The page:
3. Sounds like a very thought provoking film. Our eldest is still only 3 so we haven’t had any conversations about racism yet. We’re just focusing on teaching her to be kind to everyone. At the minute she thinks the world is perfect and I want to keep it that way for her for just a little bit longer #triumphanttales

    Liked by 1 person

  4. Oh I must look this one up. We have ongoing conversations about racism. My boys are at a very Dutch middle class school but I regularly bring them to my international school where there are kids from every background, ethnicity, religion etc Kids are a great role model to show adults how to live well together.
    My boys are the different ones, not because of their skin colour but because they have an English mum and that can still be difficult for some ‘narrow minded’ people to accept so yes we have regular discussions around the dinner table. Thank you for sharing such an important message with me on #PointShoot 📸

    Liked by 1 person

  5. Sounds like a really thought provoking movie to watch. And one that clearly touched your girls hearts. We do need to address racism at some point with our children. My daughter is so loving and giving. I want her to feel empowered to change the world, so addressing these topics is hugely important. Hugs Lucy xxxx #blogcrush – sorry it’s taken me so long to comment.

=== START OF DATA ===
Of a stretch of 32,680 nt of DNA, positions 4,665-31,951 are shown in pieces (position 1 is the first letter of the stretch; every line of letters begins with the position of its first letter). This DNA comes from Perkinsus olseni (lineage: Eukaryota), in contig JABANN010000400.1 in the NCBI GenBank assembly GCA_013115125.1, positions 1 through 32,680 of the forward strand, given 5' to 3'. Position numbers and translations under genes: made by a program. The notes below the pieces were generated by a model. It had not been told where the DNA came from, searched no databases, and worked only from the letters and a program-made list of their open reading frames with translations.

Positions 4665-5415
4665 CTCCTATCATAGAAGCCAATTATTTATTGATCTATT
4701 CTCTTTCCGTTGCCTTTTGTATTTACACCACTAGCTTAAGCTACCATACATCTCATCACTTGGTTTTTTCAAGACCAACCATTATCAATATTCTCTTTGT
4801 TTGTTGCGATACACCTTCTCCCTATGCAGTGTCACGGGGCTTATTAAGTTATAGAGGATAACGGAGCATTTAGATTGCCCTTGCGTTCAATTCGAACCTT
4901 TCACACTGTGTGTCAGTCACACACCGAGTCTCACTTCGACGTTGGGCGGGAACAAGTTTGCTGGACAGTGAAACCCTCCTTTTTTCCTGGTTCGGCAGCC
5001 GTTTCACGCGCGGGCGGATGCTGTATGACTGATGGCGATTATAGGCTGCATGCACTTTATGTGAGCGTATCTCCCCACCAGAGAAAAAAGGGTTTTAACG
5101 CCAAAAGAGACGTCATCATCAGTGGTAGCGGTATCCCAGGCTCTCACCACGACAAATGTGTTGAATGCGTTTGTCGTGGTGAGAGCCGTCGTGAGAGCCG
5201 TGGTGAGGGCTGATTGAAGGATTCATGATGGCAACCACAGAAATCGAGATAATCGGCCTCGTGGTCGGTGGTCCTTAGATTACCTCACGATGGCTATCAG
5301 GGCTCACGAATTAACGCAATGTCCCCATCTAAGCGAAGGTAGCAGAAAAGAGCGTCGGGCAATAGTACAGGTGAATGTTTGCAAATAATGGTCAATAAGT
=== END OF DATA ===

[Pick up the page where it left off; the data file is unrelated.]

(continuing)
Liked by 1 person

  6. Sounds like a good film for explaining real life to kids. My son is only 4 and daughter only 8 months so the discussion of racism hasn’t come up yet. Honestly, i wish he could live in his innocent bubble where everyone is accepted forever. #KCACOLS

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  7. Melody would always be welcome here. We’ve discussed racism on a low level. Our 8 yo is certainly becoming more aware, which I find quite sad in a way. She’s had several Eastern European friends (close friends) over her young year and and other friends with different skin. It’s so very sad that we even have to explain the differences when there aren’t any! #kcacols